Police Commission Finds that Dale Garrett Shooting Last Year was Not Within Policy – But True Justice for Police Murders is Hard to Find
Dale Garrett was shot and killed by LAPD in the Skid Row community last year at this time – the anniversary of the police murder is this coming Thursday. LA CAN members and other community members will be holding a vigil in his honor calling for the end of police murders and abuse, and accountability for officers. The vigil will take place on 5th and Spring Streets at noon – PLEASE JOIN US!
Two weeks ago, the Police Commission finally heard the results of the use of force investigation. Dale was actually shot twice in the back. Just as witnesses – many of whom were LA CAN members who came forward to provide testimony – had earlier claimed, the shooting was found to be out of protocol by the Commission – though Chief Beck and the Inspector General found it to be within protocol. The Commissioners found:
“In conclusion, Detective A and B’s failure to follow proper protocols or to operate in a manner consistent with Department tactical training, by having and communicating an operational/tactical plan, to include support personnel, unjustifiably and substantially deviated from approved Department training.”
“In conclusion, the BOPC found Detective A’s lethal use of force to be out of policy.”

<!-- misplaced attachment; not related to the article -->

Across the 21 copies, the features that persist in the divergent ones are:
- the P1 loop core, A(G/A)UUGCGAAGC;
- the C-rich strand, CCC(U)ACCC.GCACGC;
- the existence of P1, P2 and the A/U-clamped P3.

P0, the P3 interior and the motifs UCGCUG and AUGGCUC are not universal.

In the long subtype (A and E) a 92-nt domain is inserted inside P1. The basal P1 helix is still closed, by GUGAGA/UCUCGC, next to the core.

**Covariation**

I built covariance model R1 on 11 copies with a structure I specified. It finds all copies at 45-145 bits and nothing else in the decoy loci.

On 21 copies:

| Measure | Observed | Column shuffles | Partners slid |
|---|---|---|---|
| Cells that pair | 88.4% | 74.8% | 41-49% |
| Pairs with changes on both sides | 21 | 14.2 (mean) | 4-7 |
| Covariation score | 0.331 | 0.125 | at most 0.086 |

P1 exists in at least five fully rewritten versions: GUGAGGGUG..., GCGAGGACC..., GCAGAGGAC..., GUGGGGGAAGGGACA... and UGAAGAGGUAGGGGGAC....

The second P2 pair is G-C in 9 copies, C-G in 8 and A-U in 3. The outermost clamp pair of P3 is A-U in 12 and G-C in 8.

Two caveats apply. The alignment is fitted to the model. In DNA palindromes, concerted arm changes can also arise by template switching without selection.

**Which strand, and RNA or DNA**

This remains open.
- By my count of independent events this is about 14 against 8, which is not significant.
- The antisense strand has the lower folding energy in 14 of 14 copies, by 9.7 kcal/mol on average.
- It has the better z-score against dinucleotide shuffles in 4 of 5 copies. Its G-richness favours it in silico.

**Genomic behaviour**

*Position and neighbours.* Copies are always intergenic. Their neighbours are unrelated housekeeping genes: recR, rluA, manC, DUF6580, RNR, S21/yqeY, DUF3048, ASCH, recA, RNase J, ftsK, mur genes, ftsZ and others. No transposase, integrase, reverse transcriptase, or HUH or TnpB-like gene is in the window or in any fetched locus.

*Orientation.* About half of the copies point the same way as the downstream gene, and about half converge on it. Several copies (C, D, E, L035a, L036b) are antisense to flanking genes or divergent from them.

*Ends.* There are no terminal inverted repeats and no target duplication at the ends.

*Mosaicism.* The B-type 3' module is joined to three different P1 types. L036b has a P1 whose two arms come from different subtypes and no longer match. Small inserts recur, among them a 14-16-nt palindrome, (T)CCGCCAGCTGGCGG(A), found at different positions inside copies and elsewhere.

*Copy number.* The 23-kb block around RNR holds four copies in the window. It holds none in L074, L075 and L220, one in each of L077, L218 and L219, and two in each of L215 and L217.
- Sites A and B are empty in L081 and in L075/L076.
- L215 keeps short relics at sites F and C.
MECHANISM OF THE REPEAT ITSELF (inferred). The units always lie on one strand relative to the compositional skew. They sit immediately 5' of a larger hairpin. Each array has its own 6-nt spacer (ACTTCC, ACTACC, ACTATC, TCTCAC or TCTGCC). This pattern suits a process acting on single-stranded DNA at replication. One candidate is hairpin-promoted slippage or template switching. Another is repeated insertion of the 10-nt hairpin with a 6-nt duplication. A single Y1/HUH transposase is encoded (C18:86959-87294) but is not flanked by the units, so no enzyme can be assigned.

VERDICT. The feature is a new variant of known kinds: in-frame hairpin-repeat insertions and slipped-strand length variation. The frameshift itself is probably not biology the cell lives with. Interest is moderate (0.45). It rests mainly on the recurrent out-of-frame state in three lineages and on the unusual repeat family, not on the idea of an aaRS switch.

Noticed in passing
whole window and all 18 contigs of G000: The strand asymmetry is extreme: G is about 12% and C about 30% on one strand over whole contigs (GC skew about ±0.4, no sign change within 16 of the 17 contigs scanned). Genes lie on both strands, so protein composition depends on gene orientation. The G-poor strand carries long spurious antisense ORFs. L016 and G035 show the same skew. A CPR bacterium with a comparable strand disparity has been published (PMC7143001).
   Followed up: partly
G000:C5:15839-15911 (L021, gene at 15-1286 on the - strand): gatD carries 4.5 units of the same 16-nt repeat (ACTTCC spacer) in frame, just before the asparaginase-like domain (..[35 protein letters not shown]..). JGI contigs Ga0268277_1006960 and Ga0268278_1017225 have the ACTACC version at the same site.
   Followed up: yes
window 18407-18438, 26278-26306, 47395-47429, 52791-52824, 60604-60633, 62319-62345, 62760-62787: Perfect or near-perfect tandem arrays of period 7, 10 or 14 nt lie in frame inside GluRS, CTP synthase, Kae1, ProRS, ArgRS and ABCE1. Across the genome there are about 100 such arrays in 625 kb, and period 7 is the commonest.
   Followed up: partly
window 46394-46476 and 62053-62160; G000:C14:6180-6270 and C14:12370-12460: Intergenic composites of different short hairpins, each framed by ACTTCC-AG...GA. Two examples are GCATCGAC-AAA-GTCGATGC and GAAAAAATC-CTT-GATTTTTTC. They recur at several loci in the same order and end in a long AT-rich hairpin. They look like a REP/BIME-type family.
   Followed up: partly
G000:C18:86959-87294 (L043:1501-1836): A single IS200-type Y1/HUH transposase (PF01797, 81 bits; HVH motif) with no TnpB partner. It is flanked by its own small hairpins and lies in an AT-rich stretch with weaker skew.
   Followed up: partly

Although the Commission took this unusual action to overrule the internal report (they find the large majority of shootings to be justified, though communities know this isn’t true), Chief Beck gets to decide the discipline for these officers. And the LA Times reported recently that Beck has not been strongly disciplining officers for unjustified shootings – otherwise known as police murders.
While LAPD continues to enforce the most minor violations against poor residents in downtown LA – sending people to jail for sitting on the sidewalk – their officers are allowed to commit major violations, even kill people, without any consequence. LA CAN believes criminal charges should be pursued in this case and we will continue to demand police accountability throughout our community – to the policy makers and on the streets. Stay tuned.
Joel Rubin of the LA Times reported on this today:
The public version of the use of force report is here: